I love that cute girl with “I love Paris!” t-shirt:) more on this …

Sports/Occupational Health Module

Taking lots of notes and trying out all experientially on my own body lab, calibrating the intensity and effort. You can always modify a pose …this modification works perfectly with rectangular long flat bolsters but with cylindrical ones, one should exercise caution (too high & unstable) …as I hold space, you are making space from inside out – so it’s all good whether you take the pose to the full expression of that pose OR backing off a little to explore and experiment the subtle sensations …as you stay with that breath, moment to moment.
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Still on my long and winding road on my 800 hrs. certification for yoga therapy …a bit more – maybe brainy? than the 200 hrs. which was more about memorizing and teaching sequences already blueprinted – great for vinyasa flow practice for the wanna-be-forever-21 crowd – the style that packs the class – whilst Yoga Therapy is a more complex and deep, being a two year program so …feels a little like grad school only more gratifying. Finally on my last leg of this journey, having taught a protocol last month, then presented a case study this month and now… year end presentation to put together and … some makeup for the modules missed…long and winding road indeed. But so worth it. Imagine, when a student confides in very limitations, I am no longer scared or tenuous. I know what that person is going through and with empathy, still make a customized yoga practice accessible and … truly beneficial for that student’s health & fitness goals, whatever the limitations – it’s subtle & purposeful – to break through the limitations without hurting oneself. Without the frustrations over one’s body – getting out of the negative mode of – “not thin enough; not limber enough; not young enough; not strong enough …” that negative of “NOT ENOUGH” to feeling the abundance and love. You are enough in all aspects.

Anyway, just returned from my weekend in intensive learning, immersed on the topic of Yoga for Sports & Occupational Health. The teacher leading this module said upbeat, love this module ! Isn’t it less depressing than the other modules as we get to be, super positive, supportive, practical perhaps sometimes, working with and for PT or OT to give the students/patients more and more tools and options to work with sports or work-related injuries, pains and discomforts. Or just to enhance performance whilst preventing injuries that would put you out from the season. These tools can be used to enhance performance in sports or preventative medicine of weakened muscles and stiffened connective tissues that’s work-related to move beyond to reclaim our fluidity (& balance!). At any level, and with any intention one sets for the yoga practice, anyone can benefit from this kind of gentle but mindful yoga whether for prevention or for healing.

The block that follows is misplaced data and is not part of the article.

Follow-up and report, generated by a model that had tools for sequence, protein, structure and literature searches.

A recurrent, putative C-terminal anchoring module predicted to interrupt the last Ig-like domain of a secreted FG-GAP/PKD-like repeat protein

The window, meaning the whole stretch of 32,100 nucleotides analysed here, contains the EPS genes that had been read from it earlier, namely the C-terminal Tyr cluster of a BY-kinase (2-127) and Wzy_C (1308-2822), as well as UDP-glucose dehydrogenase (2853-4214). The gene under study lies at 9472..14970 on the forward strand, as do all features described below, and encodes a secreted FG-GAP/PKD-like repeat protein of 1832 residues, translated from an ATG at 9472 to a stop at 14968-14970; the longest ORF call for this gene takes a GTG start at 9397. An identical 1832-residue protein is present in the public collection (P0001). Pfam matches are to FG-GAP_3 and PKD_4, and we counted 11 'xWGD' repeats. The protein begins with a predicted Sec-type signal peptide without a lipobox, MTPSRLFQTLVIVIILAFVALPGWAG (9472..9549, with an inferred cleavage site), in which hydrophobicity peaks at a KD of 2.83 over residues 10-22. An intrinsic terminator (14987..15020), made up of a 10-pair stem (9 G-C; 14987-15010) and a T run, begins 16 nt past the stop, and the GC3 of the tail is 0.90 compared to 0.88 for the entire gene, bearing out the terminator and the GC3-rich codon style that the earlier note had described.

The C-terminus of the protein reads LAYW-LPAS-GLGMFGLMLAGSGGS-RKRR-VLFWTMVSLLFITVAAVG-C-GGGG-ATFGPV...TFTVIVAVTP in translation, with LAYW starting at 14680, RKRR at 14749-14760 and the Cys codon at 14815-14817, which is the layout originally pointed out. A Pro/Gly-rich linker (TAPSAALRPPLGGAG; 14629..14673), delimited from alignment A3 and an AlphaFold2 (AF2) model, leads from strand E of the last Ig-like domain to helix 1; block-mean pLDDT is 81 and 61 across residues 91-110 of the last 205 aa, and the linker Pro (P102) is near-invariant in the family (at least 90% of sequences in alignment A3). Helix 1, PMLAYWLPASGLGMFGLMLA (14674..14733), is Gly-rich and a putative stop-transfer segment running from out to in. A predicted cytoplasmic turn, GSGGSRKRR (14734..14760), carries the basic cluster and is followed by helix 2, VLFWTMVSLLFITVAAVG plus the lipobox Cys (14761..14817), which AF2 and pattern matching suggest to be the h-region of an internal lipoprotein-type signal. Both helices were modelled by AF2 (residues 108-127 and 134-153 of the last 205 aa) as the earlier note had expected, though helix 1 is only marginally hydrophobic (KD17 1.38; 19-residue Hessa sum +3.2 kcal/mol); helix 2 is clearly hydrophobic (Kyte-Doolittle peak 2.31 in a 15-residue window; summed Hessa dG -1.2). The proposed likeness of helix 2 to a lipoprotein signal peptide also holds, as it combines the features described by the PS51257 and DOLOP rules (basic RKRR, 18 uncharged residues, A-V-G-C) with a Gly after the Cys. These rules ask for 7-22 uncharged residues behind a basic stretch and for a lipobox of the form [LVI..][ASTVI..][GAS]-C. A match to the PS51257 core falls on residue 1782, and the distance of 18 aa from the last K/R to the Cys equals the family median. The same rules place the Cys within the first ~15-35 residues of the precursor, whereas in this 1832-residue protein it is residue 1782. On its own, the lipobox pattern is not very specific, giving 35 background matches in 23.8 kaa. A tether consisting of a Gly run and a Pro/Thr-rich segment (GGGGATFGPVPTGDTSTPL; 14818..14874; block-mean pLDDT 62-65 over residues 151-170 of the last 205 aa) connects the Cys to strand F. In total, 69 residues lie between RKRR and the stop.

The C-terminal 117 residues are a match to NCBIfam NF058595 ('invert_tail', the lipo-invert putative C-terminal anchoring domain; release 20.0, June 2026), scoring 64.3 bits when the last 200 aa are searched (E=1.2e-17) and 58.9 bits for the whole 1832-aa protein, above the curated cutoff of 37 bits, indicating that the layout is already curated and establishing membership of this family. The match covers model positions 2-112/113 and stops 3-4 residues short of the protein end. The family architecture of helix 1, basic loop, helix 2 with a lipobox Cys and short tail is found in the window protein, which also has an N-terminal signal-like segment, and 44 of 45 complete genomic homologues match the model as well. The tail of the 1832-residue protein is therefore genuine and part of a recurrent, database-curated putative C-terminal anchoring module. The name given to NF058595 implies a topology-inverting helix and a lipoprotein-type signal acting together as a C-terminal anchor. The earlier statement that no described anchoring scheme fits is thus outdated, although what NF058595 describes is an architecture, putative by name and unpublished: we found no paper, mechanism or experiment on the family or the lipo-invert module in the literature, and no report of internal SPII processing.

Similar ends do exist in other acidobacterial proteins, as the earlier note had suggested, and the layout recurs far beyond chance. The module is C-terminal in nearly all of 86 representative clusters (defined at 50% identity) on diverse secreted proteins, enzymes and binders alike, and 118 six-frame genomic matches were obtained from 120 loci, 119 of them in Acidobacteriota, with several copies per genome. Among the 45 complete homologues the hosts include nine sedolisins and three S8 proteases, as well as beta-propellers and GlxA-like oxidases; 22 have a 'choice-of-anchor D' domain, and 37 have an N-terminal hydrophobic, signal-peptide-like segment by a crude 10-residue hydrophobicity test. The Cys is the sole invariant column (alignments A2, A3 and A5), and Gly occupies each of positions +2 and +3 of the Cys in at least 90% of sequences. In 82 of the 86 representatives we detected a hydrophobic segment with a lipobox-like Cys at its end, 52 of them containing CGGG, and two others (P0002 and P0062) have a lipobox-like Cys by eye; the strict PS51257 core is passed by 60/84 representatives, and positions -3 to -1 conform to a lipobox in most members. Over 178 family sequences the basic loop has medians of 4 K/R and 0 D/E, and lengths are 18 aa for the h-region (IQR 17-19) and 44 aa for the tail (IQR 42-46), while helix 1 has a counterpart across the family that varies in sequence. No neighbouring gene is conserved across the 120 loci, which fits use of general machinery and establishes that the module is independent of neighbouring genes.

Our teacher for this module, as we had for four other modules – Endocrine System, Muscular System, Digestive System, Men & Women’s Life Cycle Health modules, was none other than, Baxter Bell, MD & YT. What’s very unique about Baxter Bell, the yogi or Dr. Bell is that he was a successful family doctor but got hooked on yoga (teachers – we all know that epiphany) so much that he decided to leave the family practice to make yoga teaching and yoga therapy along with medical acupuncture practice his full time career. He is said to have a good size students of men forming a line at his classes because he gets the men’s viewpoint and physiology; but women too, are also drawn to his wealth of knowledge, intellect and … humor. Yes, humor – plug for laughter yoga:) If he’s not making you laugh in the 20 minutes intervals as the same time he recommends office workers to set the timer for to get up and do very simple yoga movements, he’s giving you the insights as to how each pose or each breath and yoga technique benefits a practitioner in ways more than the anecdotal evidence we are given. For many – yeah, it felt good – experiential justifications is good enough BUT it’s really validating and convincing when one is given that medical or the scientific justification for that pretzel pose you are trying so hard to master or as the case may be … letting go that need to master that “advance” pose so unhealthy for the body-type and body structure at a certain time of one’s life. Opting out what does not serve you, pressing a pause button in self-care is justified with an intention to get back – to regain, restore and renew:)Seriously.

Baxter Bell in partnership with another very seasoned teacher, Nina Zolotow, has been sharing a wonderful daily blog with the yoga community for many years and finally … it’s now going to be consolidated into a book. Here’s that blog and here’s the upcoming book ! Now I know what to get my family members for Christmas ! Congratulations on publishing the much awaited book and … Thank you for the insightful weekend, Doctor ! You created an opportunity for much debate and discussions … and an opportunity to see deep within as some cohorts/students pointed out. What gives us comfort? What about discomforts? What makes us question and go deeper … even to that gut level to inquire within (Thanks to BK and our insightful cohorts with beautiful hearts who questioned our intentions:) Gratitude for this level of multi-layered learning of Self and others. Once “digested” – yes, at the gut level – and integrated into my own system through my own practice, hoping to share incrementally.